Honor veterans ... and the VA

The Department of Veterans Affairs shows how American health care ought to work

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Today, in parades and ceremonies across the country, Americans will celebrate Veterans Day. The holiday is a time to commemorate the heroism and service of our bravest men and women. But with the high-stakes political struggle over health-care reform nearing a climax, we also should spend this Veterans Day honoring -- and learning from -- another source of pride for our country: Veterans Affairs medical centers. VA medical centers serve as an example of the kind of integrated and coordinated health-care delivery that we should expect to see in our reformed system.

Today, most Americans get their health care through a hodgepodge of providers, networks, testing facilities and insurance companies. The delivery of health care is divided into individual silos, each one isolated from the next. Electronic medical records, which could help link the silos together, either aren't used or don't communicate with each other.

This fragmentation of care makes it hard for providers to keep track of a patient's medical big picture, leaving the burden of connecting the dots to the patient. It's part of the reason why one in five Medicare patients admitted to the hospital is rehospitalized within 30 days and why health care is cheaper in Minneapolis than it is in Miami.

The VA stands in contrast to this bleak picture of American health care. For one, it's the truest model of integrated care: Under one roof (or a referral away) is not just a hospital but a multispecialty medical center, complete with an array of outpatient clinics, social work and psychological services, and radiology and labs.

Say your primary-care doctor wants you to see a dermatologist for a skin lesion. Instead of what most of us go through now -- a referral into a different system, processing the insurance paperwork again, waiting to find out test results from an independent lab -- you see the specialist down the hall and the results and recommendations are fed right back to your primary-care doctor.

The way care is delivered in the integrated system is better: Several studies have shown that the VA outperforms other health-care systems across a number of measures of the quality of outpatient care -- and in consumer satisfaction.

The success of the VA system also comes from its primary-care-based approach to coordinating patient care.

At the VA where I practice, each veteran is assigned to a primary-care team and to a specific primary provider. The primary-care team is the hub of care; extending out like spokes are the specialists and other skilled providers who deliver additional care.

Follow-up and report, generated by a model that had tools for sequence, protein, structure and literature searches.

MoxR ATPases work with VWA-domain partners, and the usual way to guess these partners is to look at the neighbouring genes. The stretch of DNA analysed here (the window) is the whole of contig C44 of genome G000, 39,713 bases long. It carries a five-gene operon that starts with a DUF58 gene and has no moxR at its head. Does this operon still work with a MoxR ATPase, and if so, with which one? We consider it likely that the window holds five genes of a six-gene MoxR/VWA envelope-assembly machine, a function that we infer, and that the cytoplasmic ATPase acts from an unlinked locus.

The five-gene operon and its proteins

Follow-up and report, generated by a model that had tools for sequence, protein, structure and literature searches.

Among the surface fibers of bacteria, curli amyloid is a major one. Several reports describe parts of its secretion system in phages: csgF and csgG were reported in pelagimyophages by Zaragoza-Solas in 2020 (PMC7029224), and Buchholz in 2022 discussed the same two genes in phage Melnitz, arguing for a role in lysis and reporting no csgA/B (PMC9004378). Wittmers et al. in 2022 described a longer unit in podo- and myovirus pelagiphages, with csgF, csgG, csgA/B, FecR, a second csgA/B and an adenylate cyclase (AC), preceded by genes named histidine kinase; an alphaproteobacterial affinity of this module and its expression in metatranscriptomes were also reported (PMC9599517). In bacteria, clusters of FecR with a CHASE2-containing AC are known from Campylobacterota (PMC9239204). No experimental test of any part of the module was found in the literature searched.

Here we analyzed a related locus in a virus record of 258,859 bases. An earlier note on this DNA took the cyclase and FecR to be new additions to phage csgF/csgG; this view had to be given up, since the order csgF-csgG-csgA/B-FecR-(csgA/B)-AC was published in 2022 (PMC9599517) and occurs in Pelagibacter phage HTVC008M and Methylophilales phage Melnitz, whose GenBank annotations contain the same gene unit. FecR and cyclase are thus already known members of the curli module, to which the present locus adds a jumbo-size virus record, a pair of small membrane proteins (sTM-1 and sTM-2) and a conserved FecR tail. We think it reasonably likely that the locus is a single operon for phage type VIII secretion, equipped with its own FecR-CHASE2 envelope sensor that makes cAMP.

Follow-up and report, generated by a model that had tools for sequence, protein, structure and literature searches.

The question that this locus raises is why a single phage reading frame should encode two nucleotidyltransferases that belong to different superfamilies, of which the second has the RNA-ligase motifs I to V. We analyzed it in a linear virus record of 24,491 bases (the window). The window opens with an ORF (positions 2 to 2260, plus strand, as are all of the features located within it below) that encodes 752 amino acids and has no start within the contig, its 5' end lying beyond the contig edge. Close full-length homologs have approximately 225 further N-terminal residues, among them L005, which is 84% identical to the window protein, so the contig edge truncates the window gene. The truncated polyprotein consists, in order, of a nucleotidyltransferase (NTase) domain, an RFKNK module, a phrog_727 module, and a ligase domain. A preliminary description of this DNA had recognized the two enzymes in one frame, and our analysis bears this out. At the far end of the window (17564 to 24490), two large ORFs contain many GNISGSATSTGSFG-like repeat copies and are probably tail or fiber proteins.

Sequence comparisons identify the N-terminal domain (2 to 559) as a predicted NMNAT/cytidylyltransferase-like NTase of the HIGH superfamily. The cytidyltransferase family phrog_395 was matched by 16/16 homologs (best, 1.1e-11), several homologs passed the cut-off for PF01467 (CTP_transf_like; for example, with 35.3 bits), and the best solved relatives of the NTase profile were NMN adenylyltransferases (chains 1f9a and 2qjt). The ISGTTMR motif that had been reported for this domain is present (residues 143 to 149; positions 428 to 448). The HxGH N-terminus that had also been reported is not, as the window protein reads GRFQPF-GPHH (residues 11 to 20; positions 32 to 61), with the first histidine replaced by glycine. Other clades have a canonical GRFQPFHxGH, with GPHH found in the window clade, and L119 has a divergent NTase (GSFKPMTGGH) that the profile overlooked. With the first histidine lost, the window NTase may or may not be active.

At the VA, coordinating care between the hub and the spokes is facilitated because all providers not only share the same building but also the same laboratory, pharmacy and -- the glue that holds it all together -- a comprehensive electronic medical record. This setup allows the primary care team to better manage their patients' care by connecting the dots for them--and keeping tabs on their medical big picture.

A few options have been proposed to help the rest of the U.S. health system deliver integrated and coordinated care like the VA does.

The medical-home model, which is advocated by several physician groups, makes primary-care teams explicitly responsible for care coordination (and compensates them for this task).

In another model, so-called accountable-care organizations provide the full spectrum of clinical care, all within the same system, so as to avoid fragmentation and duplication. Providers in these organizations share accountability (and potentially payment) for patient care, which puts the emphasis on the quality of care from start to finish, not just on individual services. As a result, health care can be better -- and cheaper.

The Geisinger Health System in Pennsylvania and the Group Health Cooperative in Seattle are well-established examples of accountable-care organizations that have helped inform efforts to broaden the reach of this type of health-care delivery model.

Republican or Democrat, for the "public option" or against it, everyone in this country deserves health care that is delivered with a team approach, that encompasses a full set of integrated services, that emphasizes shared accountability for patients' overall health and that utilizes tools to facilitate care coordination.

Health-care delivery in a reformed system should look more like the VA. On this Veterans Day, let's honor those who have served -- and their health- care system.

Dr. Matthew Press , a native of Pittsburgh, is a practicing internist and Robert Wood Johnson Foundation clinical scholar at the University of Pennsylvania and the Philadelphia VA Medical Center ( www.med.upenn.edu/rwjcsp ).


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